LOS ANGELES, MINNEAPOLIS -- Synagogue 3000 (S3K) and Emergent have announced a ground-breaking meeting to connect Jewish and Christian leaders who are experimenting with innovative congregations and trying to push beyond the traditional categories of "left" and "right." This will be the first conversation that brings them together to focus on the enterprise of building next-generation institutions. Leaders from across the United States will gather during the inaugural session of the S3K Leadership Network's Working Group on Emergent Sacred Communities, which takes place January 16-17, 2006, at the Brandeis-Bardin Institute in Simi Valley, California.
Prominent Emergent Christian theologian Brian McLaren (_A New Kind of Christian_) has met with Synagogue 3000's leadership three times in recent months to discuss shared concerns, particularly surrounding attempts by younger Christians and Jews to express their spiritual commitments through social justice. "We have so much common ground on so many levels," he notes. "We face similar problems in the present, we have common hopes for the future, and we draw from shared resources in our heritage. I'm thrilled with the possibility of developing friendship and collaboration in ways that help God's dreams come true for our synagogues, churches, and world."
S3K and Emergent will convene pioneering rabbis, pastors, artists, and leaders who are reaching out to the unaffiliated and others who are not attracted to mainstream congregations. An open discussion with leading clergy in mainstream synagogues will address the relationship between the congregational establishment and emerging groups. An evening lecture program will feature Emergent scholar Ryan K. Bolger (_Emerging Churches: Creating Christian Communities in Postmodern Cultures_), in dialogue with two renowned experts on Baby Boomer religion, Steven M. Cohen (_The Jew Within_) and Wade Clark Roof (_A Generation of Seekers_).
S3K Senior Fellow Lawrence A. Hoffman, (_Rethinking Synagogues: A New Vocabulary for Congregational Life_, forthcoming 2006) stressed the importance of building committed religious identity across faith lines. "We inhabit an epic moment," he said, "nothing short of a genuine spiritual awakening. It offers us an opportunity unique to all of human history: a chance for Jews and Christians to do God's work together, not just locally, but nationally, community by community, in shared witness to our two respective faiths."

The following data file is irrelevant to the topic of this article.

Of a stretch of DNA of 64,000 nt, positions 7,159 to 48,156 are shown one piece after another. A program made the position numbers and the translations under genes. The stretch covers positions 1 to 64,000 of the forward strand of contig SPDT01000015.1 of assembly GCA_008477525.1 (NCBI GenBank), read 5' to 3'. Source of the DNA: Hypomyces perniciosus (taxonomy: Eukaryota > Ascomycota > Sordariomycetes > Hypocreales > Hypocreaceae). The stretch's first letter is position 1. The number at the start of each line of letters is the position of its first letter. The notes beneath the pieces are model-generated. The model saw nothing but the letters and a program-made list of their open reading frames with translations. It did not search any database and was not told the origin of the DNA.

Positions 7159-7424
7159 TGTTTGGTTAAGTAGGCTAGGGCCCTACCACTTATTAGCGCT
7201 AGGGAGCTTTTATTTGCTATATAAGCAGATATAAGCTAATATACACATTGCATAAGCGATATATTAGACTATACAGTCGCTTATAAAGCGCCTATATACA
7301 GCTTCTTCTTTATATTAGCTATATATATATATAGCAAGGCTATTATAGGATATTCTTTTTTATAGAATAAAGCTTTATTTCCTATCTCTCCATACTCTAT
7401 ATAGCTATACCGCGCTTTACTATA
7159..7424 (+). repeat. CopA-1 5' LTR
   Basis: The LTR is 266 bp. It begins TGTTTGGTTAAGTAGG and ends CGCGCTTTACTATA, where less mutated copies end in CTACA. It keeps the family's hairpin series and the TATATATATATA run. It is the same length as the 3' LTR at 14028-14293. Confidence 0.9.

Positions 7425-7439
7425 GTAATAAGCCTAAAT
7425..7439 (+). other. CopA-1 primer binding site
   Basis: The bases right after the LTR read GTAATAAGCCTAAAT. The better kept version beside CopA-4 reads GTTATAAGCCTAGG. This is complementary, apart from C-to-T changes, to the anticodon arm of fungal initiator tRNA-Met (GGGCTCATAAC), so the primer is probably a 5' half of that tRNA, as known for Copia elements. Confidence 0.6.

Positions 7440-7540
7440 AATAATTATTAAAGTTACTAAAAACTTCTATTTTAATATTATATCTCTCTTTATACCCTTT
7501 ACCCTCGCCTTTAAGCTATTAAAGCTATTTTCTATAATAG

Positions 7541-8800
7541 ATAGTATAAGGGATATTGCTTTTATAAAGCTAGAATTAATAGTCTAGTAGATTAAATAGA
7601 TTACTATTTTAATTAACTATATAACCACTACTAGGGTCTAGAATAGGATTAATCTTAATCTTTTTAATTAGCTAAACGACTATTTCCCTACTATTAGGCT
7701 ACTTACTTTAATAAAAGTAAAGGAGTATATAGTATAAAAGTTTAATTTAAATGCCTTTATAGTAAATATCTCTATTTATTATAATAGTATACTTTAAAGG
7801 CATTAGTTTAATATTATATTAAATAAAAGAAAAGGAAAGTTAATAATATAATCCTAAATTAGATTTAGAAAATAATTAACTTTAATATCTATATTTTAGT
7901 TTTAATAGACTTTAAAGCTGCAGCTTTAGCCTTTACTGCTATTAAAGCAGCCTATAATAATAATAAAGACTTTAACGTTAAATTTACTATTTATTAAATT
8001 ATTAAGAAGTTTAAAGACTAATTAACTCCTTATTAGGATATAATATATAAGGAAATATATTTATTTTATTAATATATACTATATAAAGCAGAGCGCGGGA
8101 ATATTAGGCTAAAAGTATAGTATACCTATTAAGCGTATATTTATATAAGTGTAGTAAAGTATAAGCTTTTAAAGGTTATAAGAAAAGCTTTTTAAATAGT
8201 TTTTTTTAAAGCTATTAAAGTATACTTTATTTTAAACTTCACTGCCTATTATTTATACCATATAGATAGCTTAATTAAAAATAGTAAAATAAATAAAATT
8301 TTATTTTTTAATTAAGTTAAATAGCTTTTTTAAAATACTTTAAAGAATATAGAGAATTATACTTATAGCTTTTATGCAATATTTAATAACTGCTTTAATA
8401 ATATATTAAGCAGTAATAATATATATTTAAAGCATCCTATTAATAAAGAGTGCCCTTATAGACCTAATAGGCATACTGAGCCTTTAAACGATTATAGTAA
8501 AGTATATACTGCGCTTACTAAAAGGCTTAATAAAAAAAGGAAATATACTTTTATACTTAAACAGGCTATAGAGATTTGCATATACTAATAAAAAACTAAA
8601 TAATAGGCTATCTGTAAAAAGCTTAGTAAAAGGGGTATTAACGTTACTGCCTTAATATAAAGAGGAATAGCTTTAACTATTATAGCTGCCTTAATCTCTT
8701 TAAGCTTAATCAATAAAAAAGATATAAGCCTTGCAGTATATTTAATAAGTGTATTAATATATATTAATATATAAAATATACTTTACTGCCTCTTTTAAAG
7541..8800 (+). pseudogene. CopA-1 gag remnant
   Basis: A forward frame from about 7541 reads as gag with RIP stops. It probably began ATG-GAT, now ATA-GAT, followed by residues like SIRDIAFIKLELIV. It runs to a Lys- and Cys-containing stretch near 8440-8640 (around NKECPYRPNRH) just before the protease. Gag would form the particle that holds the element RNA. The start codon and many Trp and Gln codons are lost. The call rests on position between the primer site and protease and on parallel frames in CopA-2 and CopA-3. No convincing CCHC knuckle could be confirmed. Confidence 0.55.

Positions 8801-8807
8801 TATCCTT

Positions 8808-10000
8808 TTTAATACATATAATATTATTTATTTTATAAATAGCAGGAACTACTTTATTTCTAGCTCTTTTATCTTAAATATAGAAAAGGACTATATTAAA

According to Emergent-U.S. National Coordinator Tony Jones, this meeting has historic possibilities. "As emerging Christian leaders have been pushing through the polarities of left and right in an effort to find a new, third way, we've been desperate to find partners for that quest," he said. "It's with great joy and promise that we partner with the leaders of S3K to talk about the future and God's Kingdom."
Not only are many Jewish religious communities looking to the experiences of Christian innovators, especially in the context of worship that engages the unaffiliated, but they are seeing a similar paradigm shift from the Baby Boomer individualistic seeker mode to an emergent Generation X/post-GenX search for spirituality in community. S3K Director of Research Shawn Landres, himself a GenXer active in an emergent Jewish congregation, said, "We hope to learn from their experience and also to build bridges by engaging and challenging one another."
Synagogue 3000 is a catalyst for excellence, empowering congregations and communities to create synagogues that are sacred and vital centers of Jewish life. Its purpose is to make synagogues compelling moral and spiritual centers-- sacred communities--for the twenty-first century. From offices located at the University of Judaism in Los Angeles and the Hebrew Union College in New York, the S3K staff has created a national congregational leadership network and is developing a synagogue studies institute. The S3K Leadership Network comprises two working groups, one on Spiritual Leadership and the other on Emergent Sacred Communities.
Emergent gathers reflective practitioners and engaged scholars for conversation and missional action around the issues of Christian theology, practice, spirituality, justice and church life. The network developed in the 1990's and includes a wide range of Christian leaders from progressive evangelical, mainline Protestant and Roman Catholic backgrounds.